13. The projected costs the authority can take into account in relation to a request for information are, according to regulation 3 of the Fees Regulations, the total costs, whether direct or indirect, which the authority reasonably estimates it is likely to incur in locating, retrieving and providing the information requested in accordance with Part 1 of FOISA. The authority may not charge for the cost of determining (i) whether it actually holds the information requested or (ii) whether or not it should provide the information. The maximum rate a Scottish public authority can charge for staff time is £15 per hour.

14. Ms Garton provided submissions to the effect that Police Scotland should be able to extract the information requested from its case management systems and questioned how Police Scotland could publish figures relative to crimes if the information requested was not collated.

15. In their response to Ms Garton's request and requirement for review, Police Scotland gave no detailed breakdown of their calculations used to estimate costs, but simply informed Ms Garton that they considered the £600 limit to have been exceeded.

16. The investigating officer asked Police Scotland to provide detailed calculations supporting their estimated costs. The investigating officer also asked for the findings from any sampling exercise conducted to test the projected costs.

17. Police Scotland submitted that section 12(1) applied to Ms Garton's request. They confirmed that they held information falling within the scope of Ms Garton's request, but argued that the cost of locating, retrieving and providing that information would exceed the £600 cost limit.

18. Police Scotland explained that they did not have a crime category for the very specific type of fraud referred to in Ms Garton's request. They explained that such crimes are recorded under the general classification of "fraud", as required by the Scottish Government Justice Department (SGJD) offence classification codes. Also, the crimes were recorded across a number of disparate crime recording systems, inherited from Police Scotland's predecessor forces. These did not all permit searching of crime report content by key word, but - in any event - it was not satisfied that it could identify suitable key words which it could be sufficiently certain would appear in each relevant report. Accordingly, the only way to ascertain which crimes were relevant to the request would be to read the circumstances of each crime recorded under the category of "fraud".

19. Having considered the explanations provided, the Commissioner accepts that the information could not be readily extracted from the systems used by Police Scotland, without examining all the crime reports categorised within their systems as "fraud". He notes the limitations of the systems inherited by Police Scotland and notes, in any event, that Police Scotland do not appear to have a business need to record crime at the level of detail specified in the request. Police Scotland cannot realistically be expected to anticipate all the categorisations of recorded crime the public may be interested in.

20. Police Scotland submitted that the published data available on-line showed that for the year 2016/2017 there were 7,811 reports of fraud received. Each of these, therefore, would need to be examined for the year in question. They explained that the work required could not be done centrally, as the recorded crimes were held across the country in a variety of local systems. Police Scotland estimated that it would take between three and five minutes to examine each crime report, confirming that they had conducted a sample search of 20 crime reports from one area. They stated that to locate and check this sample took a total of 78 minutes.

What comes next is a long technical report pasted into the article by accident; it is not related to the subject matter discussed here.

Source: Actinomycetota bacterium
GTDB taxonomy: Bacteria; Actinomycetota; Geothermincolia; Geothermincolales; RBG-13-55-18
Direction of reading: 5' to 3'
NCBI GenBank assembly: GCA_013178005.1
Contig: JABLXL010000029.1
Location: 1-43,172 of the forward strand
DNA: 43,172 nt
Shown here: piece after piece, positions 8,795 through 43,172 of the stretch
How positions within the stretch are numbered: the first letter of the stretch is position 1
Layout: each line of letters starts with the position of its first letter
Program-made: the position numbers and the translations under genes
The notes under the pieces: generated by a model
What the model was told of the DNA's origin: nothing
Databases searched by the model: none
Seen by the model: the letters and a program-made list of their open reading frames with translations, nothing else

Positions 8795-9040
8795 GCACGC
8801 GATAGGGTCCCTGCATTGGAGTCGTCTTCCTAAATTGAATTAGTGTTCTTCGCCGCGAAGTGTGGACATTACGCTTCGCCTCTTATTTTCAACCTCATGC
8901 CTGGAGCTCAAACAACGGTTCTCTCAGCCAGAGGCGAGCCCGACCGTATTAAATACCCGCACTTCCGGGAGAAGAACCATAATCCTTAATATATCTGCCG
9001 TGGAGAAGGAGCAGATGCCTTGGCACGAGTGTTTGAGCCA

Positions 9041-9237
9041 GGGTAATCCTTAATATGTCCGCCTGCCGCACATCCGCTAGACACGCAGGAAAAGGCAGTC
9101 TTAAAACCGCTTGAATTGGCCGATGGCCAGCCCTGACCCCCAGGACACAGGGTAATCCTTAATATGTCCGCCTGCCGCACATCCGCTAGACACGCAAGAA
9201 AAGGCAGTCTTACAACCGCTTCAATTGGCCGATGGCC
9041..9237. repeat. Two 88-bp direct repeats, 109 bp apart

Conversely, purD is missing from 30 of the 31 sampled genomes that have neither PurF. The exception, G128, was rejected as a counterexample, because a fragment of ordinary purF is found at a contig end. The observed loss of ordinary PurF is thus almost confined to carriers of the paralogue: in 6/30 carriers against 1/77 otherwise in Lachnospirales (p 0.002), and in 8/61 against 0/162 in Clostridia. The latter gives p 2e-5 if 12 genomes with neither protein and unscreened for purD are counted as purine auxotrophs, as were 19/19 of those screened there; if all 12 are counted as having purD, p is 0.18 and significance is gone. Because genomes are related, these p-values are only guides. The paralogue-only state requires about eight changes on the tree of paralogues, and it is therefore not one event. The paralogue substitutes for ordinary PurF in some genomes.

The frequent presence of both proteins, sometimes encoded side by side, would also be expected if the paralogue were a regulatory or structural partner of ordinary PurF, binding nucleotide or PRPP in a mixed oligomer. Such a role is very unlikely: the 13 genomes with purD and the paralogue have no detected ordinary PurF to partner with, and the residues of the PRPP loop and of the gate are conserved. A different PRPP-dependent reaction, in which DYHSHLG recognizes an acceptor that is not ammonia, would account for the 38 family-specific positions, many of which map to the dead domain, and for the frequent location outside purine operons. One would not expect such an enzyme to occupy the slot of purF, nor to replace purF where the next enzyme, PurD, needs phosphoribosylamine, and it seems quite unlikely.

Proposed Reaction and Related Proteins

21. Allowing three minutes to check each of the 7,811 crimes recorded in 2016/2017, Police Scotland arrived at a total of 390 hours 33 minutes. They acknowledged that the work could be conducted by the lowest grade of FOI staff, at an hourly cost of approximately £10 per hour, but this would still give an estimated total cost for the year of approximately £3,900.

22. Taking account of all the circumstances, the Commissioner is satisfied that Police Scotland have provided a reasonable estimate of the cost of complying with Ms Garton's request for information. Even if the request was limited to a timeframe of one year (noting that the request did not have a time limit), given the nature of the work required, the Commissioner accepts that the request could not have been responded to within the £600 limit.

23. Consequently, the Commissioner is satisfied that Police Scotland were entitled to rely on section 12(1) of FOISA in relation to Ms Garton's information request, and therefore were under no obligation to comply with the request.

24. Having reached this conclusion, the Commissioner notes that in their initial response and in their subsequent communications, despite being asked to do so, Police Scotland did not provide Ms Garton with any breakdown or similar explanation of the costs involved. He will now consider whether, in the absence of such information, Police Scotland responded in line with their duty to provide advice and assistance under section 15 of FOISA.

Section 15 - Duty to provide advice and assistance

25. Section 15(1) of FOISA requires a Scottish public authority, so far as is reasonable to expect it to do so, to provide advice and assistance to a person who has made, or proposes to make, a request for information to it. In terms of section 15(2), this duty is taken to be met where, in any given case, the authority conforms with the relevant guidance in the Code of Practice issued under section 60 of FOISA (the Section 60 Code).

26. The Section 60 Code[1] provides (at paragraph 9.4.3 in Part 2, in the version in force at the time the Ministers responded to this request and requirement for review):